At least eight people have been killed in Myanmar after security forces opened fire on some of the biggest protests against military rule in days.
Three months after a coup plunged the country into political turmoil, thousands of people in towns and cities across the country joined protests calling for “the Global Myanmar Spring Revolution”. Rallies in support of the anti-coup protests also took place outside Myanmar, as Pope Francis called for peace.
“Shake the world with the voice of Myanmar people’s unity,” the organisers said in a statement.
Two people were shot and killed in Mandalay, the country’s second-biggest city, according to the Mizzima news agency.
The Irrawaddy news site earlier posted a photograph of a man it said was a security officer in plain clothes taking aim with a rifle in Mandalay.
Three people were killed in the central town of Wetlet, the Myanmar Now news agency said, and two were killed in different towns in Shan State in the northeast, two media outlets reported. One person was also killed in the northern jade-mining town of Hpakant, according to the Kachin News Group reported.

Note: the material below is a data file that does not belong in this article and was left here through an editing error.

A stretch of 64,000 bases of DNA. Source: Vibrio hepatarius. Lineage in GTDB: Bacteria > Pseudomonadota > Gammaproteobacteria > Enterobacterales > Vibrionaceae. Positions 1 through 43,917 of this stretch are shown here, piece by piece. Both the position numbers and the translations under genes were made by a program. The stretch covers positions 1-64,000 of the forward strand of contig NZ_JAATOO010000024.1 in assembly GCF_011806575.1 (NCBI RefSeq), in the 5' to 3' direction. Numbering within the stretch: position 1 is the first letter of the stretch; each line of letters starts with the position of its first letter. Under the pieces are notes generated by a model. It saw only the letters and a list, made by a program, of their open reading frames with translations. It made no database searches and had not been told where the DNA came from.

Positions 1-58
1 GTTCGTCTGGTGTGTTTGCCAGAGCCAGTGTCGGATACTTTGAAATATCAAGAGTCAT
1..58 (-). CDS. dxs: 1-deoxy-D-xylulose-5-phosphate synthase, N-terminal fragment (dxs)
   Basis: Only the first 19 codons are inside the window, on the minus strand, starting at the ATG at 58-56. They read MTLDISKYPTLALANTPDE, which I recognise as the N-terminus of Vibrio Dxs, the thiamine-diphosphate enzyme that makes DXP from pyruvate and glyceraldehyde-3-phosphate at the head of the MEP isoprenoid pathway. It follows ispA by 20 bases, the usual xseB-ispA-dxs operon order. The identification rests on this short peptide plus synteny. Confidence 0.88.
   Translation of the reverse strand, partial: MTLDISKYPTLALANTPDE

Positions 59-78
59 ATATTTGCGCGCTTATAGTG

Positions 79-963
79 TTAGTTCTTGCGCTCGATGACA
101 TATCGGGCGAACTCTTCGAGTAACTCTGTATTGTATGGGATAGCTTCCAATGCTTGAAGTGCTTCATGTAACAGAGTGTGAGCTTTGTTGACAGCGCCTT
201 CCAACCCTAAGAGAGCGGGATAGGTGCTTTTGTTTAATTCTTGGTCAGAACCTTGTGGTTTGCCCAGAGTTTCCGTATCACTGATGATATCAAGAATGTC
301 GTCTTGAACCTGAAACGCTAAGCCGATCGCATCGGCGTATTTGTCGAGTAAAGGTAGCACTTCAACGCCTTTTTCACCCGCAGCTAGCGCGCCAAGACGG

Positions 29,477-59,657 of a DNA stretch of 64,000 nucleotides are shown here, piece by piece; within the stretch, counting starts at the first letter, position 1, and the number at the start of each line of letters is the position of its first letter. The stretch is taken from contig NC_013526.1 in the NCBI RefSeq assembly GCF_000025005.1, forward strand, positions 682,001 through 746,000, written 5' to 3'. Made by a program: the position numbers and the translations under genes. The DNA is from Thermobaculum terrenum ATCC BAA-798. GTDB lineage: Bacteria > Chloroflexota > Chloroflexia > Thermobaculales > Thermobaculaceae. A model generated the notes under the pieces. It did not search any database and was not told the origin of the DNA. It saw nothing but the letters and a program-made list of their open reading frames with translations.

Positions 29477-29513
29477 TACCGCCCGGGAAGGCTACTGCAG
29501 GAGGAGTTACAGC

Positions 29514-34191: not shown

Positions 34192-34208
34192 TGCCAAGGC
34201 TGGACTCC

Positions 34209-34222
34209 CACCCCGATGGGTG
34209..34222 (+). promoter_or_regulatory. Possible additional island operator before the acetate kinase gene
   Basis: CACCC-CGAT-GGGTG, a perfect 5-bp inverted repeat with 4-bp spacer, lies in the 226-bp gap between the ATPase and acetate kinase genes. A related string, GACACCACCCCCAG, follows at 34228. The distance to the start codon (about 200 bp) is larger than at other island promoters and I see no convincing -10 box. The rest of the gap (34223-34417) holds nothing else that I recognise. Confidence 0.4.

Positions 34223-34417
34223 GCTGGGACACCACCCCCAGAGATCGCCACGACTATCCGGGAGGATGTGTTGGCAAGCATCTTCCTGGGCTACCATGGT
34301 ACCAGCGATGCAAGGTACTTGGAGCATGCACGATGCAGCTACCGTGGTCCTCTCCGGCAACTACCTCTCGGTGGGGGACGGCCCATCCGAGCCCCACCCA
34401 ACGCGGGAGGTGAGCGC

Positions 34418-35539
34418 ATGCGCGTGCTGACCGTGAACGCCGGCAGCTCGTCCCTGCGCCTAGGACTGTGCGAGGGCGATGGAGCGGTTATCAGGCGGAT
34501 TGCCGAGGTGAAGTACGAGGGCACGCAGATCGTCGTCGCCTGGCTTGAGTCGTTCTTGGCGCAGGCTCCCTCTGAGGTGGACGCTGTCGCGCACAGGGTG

In Yangon, young people gathered on a street corner before marching swiftly down the streets in a flash mob – dispersing soon after to avoid a clash with the authorities.
“To bring down the military dictatorship is our cause!” they chanted, waving a three-finger salute in a show of resistance.
In eastern Shan state, youths carried a banner that read: “We cannot be ruled at all”.
Bomb blasts were also reported in different parts of Yangon on Sunday. Explosions have been happening with increasing frequency in the former capital and authorities have blamed them on “instigators”.
There have been no claims of responsibility for the explosions.
The military seized power from the elected government of Aung San Suu Kyi and the ruling National League for Democracy (NLD) in a coup on February 1, triggered a civil disobedience movement of strikes and mass protests.
Long-running conflicts with ethnic armed groups in border areas in the north and east have also intensified, displacing tens of thousands of civilians, according to United Nations estimates.
The military has responded to the protests with arrests and lethal force and ignored calls from neighbouring countries and the UN to end the violence.